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    Adding my two cents to this one. I personally think this is one of the biggest areas where PL is coming up short. I think the target audience for the long-term PL user is people that spend a lot of time thinking and planning their financial future. I know I do and my asset allocation and expected growth rates by asset class are central to my plan. I would very much like something similar to what Mathew described above. I think there should be say five categories that the user defines at the plan level. Default them to something like US stocks, Ex-US stocks, Bonds and Money. You could then default them to a standard 60/40 allocation and conservative default growth rates with historical standard deviations for each one. Users could then change their category labels and specify their expected growth rate and standard deviation for each group. I would have 4 or 5 columns for the values defaulting to 10 year increments out from the plan start but allowing the user to change the years or use milestones (i.e., 10 years after retirement etc.). Then at the account level the user would specify the allocation based on these defined groups. The user should also have a similar 4 column 10-year type grid to specify how the allocation changes over time. I would think with this structure it would be fairly simple for PL to calculate the return to use for each account by year then do the normal calculations. When I say simple, I mean for Kyle, definitely not for me. This model would also allow for monte carlo simulations to be run using the user defined growth rates.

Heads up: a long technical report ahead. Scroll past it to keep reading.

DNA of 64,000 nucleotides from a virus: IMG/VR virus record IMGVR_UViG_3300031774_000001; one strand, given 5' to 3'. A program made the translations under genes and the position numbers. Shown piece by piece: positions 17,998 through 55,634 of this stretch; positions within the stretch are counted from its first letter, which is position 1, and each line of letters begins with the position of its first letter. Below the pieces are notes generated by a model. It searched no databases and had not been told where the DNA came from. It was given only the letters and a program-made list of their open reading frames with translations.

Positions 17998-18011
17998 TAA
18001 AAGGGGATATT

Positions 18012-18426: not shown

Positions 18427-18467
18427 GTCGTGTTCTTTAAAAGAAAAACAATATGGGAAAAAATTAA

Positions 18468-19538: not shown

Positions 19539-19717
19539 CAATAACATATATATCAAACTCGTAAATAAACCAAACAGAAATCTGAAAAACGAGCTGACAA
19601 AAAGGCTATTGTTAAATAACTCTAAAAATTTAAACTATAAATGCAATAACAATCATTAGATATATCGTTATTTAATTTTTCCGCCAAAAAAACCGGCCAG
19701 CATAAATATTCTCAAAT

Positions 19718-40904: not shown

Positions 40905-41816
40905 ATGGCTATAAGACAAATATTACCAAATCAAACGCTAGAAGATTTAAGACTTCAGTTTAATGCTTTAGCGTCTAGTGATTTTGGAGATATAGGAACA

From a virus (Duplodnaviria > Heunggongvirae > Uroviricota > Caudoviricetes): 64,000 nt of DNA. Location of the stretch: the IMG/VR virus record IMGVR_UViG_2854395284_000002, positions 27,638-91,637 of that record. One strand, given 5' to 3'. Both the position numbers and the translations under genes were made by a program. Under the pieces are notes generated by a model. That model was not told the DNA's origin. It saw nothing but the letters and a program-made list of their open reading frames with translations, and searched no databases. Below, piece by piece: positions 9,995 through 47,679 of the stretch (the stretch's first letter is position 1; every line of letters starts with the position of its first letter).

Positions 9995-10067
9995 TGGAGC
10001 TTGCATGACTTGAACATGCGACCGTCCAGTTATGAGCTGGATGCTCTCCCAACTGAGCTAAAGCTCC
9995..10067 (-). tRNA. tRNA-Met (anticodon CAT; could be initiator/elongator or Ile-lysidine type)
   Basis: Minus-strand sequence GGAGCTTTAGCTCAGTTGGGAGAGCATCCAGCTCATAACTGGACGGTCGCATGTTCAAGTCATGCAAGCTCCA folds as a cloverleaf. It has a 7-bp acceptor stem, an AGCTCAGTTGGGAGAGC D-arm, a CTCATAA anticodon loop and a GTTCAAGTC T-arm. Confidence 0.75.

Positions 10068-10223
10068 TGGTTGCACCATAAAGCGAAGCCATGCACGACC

18 February 2023
  • 31 March 2023 Kyle Nolan edited this task

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    I think a very useful side effect of this feature is the ability to classify assets as FI and non-FI.

    By way of example; I have a house, and a live it it. It in now way affect my FI number from an asset allocation point of view.

    However, if I plan to sell it, then the cash it turns in to DOES impact my FI number. If I then funnel some of this cash into another home, that portion is now non-FI again.